5 Steps To Take Once You Start Earning A Lot Of Money

Photo by Mikhail Nilov

I was listening to a speaker recently who said his teenage son asked “Is $60,000 a year a lot of money?” to which the speaker replied, “It is until you make it.” Ain’t that the truth! But what if you find yourself making “a lot of money?” Maybe you’ve cracked the six-figure mark, upleveled to a HENRY, or found yourself in the seven-figure club.

If you have recently become a high earner, or see it happening soon, it’s important to know how to manage your money.

You want to avoid the “Mo’ Money, Mo Problems” paradox and that starts with planning. When we make more money we tend to spend it, expect it, and wonder what happened to it. Before that new income gets absorbed into your budget to cover your new “adjusted” cost of daily living, be mindful of your money. A few strategic steps put you in control of your budget, your choices, and YOUR MONEY.

Where do you begin? Start by equipping yourself with the financial knowledge to craft a solid plan. Here are four tips to help you take control of your money so that you can enjoy what you’re earning while still growing and protecting your assets.

Lock It Away

Start with savings. Wherever you are in your financial journey, an emergency fund is the first step to put in place. This rainy day fund is a safety net against uncertainty and life’s little emergencies that pop up when you least expect them. 

Dave Ramsey defines it this way: “An emergency fund is money you set aside for life’s unexpected expenses, like car repairs, hospital visits, and even job loss. This money gives you the power to hand over cash to cover the big and small surprises that come your way.”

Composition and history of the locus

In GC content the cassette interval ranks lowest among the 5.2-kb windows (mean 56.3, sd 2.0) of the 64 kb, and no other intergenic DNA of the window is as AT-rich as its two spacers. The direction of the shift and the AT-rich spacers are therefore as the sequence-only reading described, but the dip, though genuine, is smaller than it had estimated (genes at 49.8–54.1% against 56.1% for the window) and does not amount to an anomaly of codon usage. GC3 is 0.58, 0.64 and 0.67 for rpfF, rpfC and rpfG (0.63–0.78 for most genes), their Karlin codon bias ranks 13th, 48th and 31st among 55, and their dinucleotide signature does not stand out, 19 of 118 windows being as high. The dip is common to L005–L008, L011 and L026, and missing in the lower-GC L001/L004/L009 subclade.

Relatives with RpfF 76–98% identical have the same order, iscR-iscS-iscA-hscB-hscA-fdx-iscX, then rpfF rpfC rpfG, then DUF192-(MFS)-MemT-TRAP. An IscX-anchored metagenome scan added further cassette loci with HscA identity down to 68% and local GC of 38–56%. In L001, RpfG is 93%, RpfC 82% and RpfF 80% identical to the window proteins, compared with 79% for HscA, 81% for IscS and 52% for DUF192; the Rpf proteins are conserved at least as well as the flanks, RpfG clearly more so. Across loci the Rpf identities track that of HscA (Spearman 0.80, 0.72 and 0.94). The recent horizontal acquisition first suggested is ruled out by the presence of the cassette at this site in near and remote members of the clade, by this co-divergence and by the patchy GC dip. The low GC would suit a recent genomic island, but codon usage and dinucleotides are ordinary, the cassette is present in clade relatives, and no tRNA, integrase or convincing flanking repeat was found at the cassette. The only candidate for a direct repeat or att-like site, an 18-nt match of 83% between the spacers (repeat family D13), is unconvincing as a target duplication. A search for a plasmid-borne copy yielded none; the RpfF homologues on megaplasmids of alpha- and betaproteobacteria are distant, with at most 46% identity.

Start with your first $1,000 set aside, but don’t stop there. Three to six months of living expenses is the goal for a fully funded emergency fund, and more is better in the face of rising inflation and layoffs.

One of the most sensible things you can do is to “lock away” a portion of your money in a high-yield savings account. There are always savings accounts out there that allow you to earn a lot of interest on your money, sometimes up to 8% or more, but with the proviso that you are not able to access that cash easily, if at all. This is wise, because you will earn money on your money, and you won’t be able to fritter it away.

Pay Down Debt with High-Interest Rates First

Should I pay off my debt or invest my extra cash? They are both worthy goals. But one debt worthy of payoff priority is high-interest debt. While the term “high” can be subjective, a good rule to follow is to prioritize paying down debts with interest rates over 6%-8%. This means things like car loans and credit cards. For example, a credit card with a 17% annual interest rate should be prioritized over maximizing your 401(k) contributions.

And while there’s no right answer for everyone on how to juggle debt repayment taking time to look at your financial big picture, identifying high-interest debt, and making a – I’m going to use that p-word again – plan can empower you. Attack your debts from smallest to largest so you get those little “wins” along the way!